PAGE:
A ground source heat pump (GSHP) is a space heating appliance that uses electricity to convert geothermal heat to a temperature that can be used for indoor heating. They are common in the Lower 48 and quite popular in Europe. There are also several GSHP systems in Alaska, including commercial systems at the Juneau Airport, Weller Elementary School in Fairbanks, and the Alaska SeaLife Center in Seward. Fairbanks has more than 10 residential systems as well.
In the winter, ground source heat pumps work like refrigerators in reverse. Instead of taking heat from the inside of the refrigerator and rejecting it outside, a GSHP gathers heat from the ground, steps it up to a higher temperature using a compressor, and then “rejects” it inside a house. In the summer, some GSHPs can run in reverse mode to provide air conditioning – taking heat from a house and rejecting it to the ground. The main “fuel” for a GSHP is geothermal energy, but it uses electricity to run the compressor. Since the electricity is only acting to boost the geothermal heat (which is free), heat pumps are more efficient than electric heating appliances.
A GSHP consists of 3 parts: the ground loop, the heat pump and the distribution system. The ground loop gathers heat from the ground. It consists of loops of pipes buried in horizontal troughs or vertical boreholes. A pump moves a fluid through the pipes. As the fluid travels, it is warmed up by geothermal heat from the soil and returns to the heat pump with a higher temperature than when it left. Back at the heat pump, the fluid from the ground loop passes its heat to a refrigerant, causing it to evaporate into a gas. The refrigerant fluid then passes through a compressor and its heat can be “stepped up” before it transfers the heat to air or water for the distribution system. Heat pumps can work with a forced air distribution system or a radiant hydronic distribution system, however they generally are not capable of producing hot enough water for baseboard hydronic systems.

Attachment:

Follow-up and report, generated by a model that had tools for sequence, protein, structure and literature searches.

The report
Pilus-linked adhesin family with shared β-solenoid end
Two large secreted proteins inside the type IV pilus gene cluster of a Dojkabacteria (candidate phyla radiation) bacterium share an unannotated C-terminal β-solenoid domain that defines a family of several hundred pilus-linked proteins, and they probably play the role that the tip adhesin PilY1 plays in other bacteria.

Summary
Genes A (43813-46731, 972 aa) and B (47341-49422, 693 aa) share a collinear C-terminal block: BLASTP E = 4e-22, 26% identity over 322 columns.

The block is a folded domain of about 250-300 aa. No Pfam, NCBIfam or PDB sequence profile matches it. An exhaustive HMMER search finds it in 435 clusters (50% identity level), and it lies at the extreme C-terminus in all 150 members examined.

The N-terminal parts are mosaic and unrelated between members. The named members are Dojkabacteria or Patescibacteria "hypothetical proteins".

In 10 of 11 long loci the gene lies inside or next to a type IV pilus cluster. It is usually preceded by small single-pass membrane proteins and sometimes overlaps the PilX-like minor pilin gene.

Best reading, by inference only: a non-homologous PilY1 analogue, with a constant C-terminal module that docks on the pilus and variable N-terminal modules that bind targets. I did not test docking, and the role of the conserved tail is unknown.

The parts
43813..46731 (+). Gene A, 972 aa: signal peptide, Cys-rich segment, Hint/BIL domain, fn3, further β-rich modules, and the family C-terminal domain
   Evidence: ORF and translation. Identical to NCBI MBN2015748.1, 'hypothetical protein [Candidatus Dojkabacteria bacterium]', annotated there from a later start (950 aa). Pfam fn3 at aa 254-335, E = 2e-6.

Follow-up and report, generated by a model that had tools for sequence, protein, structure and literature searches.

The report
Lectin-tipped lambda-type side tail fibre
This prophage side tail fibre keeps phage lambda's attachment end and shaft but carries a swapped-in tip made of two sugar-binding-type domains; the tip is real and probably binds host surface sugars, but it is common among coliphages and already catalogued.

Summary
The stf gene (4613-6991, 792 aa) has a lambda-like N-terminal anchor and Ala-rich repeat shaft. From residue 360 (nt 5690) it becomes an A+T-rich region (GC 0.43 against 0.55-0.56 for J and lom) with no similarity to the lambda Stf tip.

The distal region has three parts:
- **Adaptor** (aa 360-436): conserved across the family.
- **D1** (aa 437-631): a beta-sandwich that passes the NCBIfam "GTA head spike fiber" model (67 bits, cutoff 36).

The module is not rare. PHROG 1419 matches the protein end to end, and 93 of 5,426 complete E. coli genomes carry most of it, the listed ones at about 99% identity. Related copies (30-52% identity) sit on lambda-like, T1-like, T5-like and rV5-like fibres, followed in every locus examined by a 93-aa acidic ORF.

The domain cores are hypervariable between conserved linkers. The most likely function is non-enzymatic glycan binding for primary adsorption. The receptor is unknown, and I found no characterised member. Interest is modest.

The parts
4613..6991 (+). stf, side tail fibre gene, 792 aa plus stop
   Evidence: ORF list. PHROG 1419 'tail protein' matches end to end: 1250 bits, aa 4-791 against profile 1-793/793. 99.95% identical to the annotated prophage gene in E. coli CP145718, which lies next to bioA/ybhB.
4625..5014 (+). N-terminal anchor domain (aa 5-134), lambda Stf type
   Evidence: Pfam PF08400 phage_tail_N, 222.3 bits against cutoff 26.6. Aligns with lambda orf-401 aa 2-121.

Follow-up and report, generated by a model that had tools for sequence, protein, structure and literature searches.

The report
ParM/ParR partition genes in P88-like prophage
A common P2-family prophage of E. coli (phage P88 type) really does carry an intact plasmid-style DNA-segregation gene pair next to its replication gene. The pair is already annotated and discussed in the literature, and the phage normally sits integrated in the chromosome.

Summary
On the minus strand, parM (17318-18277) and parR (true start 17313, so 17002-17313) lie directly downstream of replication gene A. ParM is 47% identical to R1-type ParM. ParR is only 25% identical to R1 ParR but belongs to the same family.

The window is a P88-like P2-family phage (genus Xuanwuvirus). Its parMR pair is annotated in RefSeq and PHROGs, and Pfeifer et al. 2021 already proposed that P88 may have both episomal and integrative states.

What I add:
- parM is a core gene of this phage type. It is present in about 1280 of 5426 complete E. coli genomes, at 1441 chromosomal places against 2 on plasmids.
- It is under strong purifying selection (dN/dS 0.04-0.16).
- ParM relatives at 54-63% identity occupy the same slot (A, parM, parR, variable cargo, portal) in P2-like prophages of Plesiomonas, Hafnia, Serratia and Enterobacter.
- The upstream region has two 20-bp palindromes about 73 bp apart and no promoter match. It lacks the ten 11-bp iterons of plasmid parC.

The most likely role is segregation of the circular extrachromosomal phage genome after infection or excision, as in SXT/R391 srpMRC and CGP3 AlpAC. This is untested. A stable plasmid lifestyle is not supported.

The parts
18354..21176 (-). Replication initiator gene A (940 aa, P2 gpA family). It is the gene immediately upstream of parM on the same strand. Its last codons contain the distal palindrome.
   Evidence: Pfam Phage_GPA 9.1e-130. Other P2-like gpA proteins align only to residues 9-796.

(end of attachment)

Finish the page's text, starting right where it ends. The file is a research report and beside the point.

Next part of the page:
Ground source heat pumps are considered a partially renewable technology, because the heat they take from the ground comes from solar and geothermal sources. They are entirely renewable if the electricity they use comes from a renewable source, such as solar or wind. Heat pumps are also very safe to operate, because there is no combustion. They can, however, be expensive to install because you have to excavate land or drill to establish the ground loop. Talk to an installer if you think a GSHP might be right for you.
For more information on ground source heat pumps, see a report by the Cold Climate Housing Research Center and the Alaska Center for Energy and Power: http://cchrc.org/docs/reports/Ground-Source-Heat-Pumps-in-Cold-Climates.pdf. It covers the performance, cost and payback of GSHPs in various regions of Alaska.